Learning from giants
Utahns are inherently known as builders, from homes and churches to businesses and institutions. In all of these areas, we are blessed to stand on the shoulders of giants — men and women in our community who built social, economic, and spiritual capital in our state that rivals even the most ambitious venture capital. While deal flow and stock multiples for valuations are easy to quantify and garner the headlines, it’s important to acknowledge the contributions of so many that often go unrecognized.
The institutions that come from families, schools, churches, and communities provide an irreplaceable platform for individuals to develop their talents, take their risks, and make their own contributions. This kind of irreplaceable capital does not trade with bitcoin and pork belly futures but is a sustained value worth our most ambitious investment, because its focus is most often on serving others. Activities like volunteering, mentoring, contributing to the welfare of those in need, and promoting arts and culture are just a few of the many ways to build and spread this important and holistic capital.
On June 24, the Salt Lake Chamber will celebrate the spirit of civic engagement with the Giant in our City award. The recipients this year are Katharine and the late Robert Garff for their legacy of service, dedication to Utah, and extraordinary professional achievement. Many Utahns know the Garff name and the family’s success in the business community. However some may be less familiar with their rich legacy of community service and charitable contributions that have blessed countless lives in our state through civic giving.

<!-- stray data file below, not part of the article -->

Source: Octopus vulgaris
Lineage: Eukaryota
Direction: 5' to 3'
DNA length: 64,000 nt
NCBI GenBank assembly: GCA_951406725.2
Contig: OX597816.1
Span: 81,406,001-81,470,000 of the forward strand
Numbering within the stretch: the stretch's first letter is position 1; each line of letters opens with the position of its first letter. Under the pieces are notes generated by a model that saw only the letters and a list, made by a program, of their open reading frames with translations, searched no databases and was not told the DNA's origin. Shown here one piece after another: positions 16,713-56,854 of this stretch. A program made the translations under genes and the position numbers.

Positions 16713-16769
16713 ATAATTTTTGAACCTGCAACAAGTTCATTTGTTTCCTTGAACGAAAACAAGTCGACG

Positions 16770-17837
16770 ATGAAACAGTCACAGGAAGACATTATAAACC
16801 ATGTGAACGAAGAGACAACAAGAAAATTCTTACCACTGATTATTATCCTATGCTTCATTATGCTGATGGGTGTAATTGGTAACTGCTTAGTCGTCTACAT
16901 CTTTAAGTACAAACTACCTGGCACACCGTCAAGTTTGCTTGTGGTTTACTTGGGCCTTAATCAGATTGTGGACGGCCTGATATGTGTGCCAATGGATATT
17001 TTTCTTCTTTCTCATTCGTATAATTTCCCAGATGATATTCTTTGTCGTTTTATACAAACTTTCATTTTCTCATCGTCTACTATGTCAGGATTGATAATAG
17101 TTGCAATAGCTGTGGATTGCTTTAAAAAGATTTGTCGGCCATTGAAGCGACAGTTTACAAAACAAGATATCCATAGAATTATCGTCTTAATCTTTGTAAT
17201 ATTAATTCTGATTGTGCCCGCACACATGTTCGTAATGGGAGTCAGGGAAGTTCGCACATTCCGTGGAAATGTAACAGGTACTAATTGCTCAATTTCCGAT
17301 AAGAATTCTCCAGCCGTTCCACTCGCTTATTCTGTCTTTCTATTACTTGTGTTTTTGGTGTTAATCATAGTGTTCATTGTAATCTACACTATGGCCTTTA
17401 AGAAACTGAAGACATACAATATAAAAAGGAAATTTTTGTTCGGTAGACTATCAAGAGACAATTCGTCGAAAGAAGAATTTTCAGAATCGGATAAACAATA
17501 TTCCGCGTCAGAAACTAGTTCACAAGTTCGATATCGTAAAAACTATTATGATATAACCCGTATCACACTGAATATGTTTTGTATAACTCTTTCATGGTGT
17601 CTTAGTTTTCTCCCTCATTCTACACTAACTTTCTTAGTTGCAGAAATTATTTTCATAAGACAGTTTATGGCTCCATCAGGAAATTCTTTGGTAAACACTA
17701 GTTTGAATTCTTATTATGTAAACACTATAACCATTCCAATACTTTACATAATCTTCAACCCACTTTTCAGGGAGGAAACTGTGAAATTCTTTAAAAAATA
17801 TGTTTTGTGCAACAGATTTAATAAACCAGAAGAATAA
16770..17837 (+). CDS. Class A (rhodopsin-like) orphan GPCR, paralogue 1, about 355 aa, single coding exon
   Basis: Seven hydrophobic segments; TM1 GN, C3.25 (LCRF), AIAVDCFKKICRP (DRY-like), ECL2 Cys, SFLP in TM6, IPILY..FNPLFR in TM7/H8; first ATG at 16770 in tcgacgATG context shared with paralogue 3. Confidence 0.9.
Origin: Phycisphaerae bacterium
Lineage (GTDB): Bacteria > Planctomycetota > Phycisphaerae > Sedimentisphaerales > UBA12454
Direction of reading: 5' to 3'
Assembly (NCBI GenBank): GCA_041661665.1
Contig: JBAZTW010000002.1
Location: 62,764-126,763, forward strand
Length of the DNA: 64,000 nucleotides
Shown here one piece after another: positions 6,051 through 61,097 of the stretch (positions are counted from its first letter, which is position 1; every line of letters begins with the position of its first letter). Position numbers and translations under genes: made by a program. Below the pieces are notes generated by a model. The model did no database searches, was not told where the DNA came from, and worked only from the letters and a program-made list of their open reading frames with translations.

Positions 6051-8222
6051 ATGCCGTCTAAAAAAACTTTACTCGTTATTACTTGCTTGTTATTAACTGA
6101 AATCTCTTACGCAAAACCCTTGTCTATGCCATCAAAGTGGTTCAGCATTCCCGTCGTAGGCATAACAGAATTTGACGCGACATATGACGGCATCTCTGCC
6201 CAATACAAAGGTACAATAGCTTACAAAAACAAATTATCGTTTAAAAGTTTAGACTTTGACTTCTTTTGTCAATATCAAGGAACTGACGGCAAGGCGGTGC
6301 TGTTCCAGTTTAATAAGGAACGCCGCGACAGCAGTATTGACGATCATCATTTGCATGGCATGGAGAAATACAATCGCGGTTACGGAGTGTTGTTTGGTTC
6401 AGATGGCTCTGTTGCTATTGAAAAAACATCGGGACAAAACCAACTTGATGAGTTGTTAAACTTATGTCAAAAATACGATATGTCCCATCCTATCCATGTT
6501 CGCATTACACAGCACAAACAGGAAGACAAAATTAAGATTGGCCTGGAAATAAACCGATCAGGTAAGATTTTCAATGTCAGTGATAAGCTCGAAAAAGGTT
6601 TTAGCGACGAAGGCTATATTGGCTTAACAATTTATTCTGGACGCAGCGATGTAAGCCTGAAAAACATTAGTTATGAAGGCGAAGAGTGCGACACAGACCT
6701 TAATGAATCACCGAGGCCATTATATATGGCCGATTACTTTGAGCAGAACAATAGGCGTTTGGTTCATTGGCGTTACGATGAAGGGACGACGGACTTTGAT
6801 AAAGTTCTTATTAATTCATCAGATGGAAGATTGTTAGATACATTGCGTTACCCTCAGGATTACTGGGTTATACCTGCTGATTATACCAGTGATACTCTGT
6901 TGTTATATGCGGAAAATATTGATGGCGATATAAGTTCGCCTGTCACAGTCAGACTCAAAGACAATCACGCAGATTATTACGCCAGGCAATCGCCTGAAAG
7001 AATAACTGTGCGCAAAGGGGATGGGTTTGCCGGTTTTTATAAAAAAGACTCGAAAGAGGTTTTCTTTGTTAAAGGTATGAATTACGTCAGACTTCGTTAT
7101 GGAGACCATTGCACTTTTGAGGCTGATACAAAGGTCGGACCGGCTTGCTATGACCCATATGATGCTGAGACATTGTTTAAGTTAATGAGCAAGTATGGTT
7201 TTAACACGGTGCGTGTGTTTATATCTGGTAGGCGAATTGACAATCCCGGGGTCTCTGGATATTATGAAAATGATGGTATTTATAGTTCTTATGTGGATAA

For decades the Garff’s have been passionately dedicated to education through programs like Keys to Success, a program that combines education, philanthropy, connection, and resources to achieve better academic outcomes. Education not only unlocks doors of opportunity but instills confidence and a commitment to learning that gives back through a virtuous cycle that blesses generations.
Another noted former Giant in our City who embodied the spirit of lifting up the community was Jon M. Huntsman, Sr. His name and legacy remind us that a small start in a rural community can still lead to extraordinary outcomes. The internationally honored businessman once described life “not as a game of Solitaire,” but a journey where “people depend on one another.” According to the late Huntsman, “When one does well, others are lifted. When one stumbles, others also are impacted. There are no one-man teams — either by definition or natural law. Success is a cooperative effort; it’s dependent upon those who stand beside you.”
We should all celebrate civic engagement and think about how we are contributing to the social, economic, and spiritual capital of Utah — the very fabric of our great state. The giants in our city and state provide a model of citizenship and have much to teach younger generations about community, giving back, and caring for those around us.
These titans of life also know what true partnership looks like in our community―a commitment to the spirit of citizenship, whether through time, financial support, or other resources.
Sometimes in our busy life, it may be that we miss these magnificent examples of leadership and the fruits they bear; however their adoption will catalyze change by example and are capable of lifting entire communities. The giants in our lives, whose names adorn buildings or highways, not only inspire us but invite us to think about how can we each make our contribution. Engagement and its attendant success are not limited by the size of a bank account but by the size of a heart, and it is a joy in which we can all participate.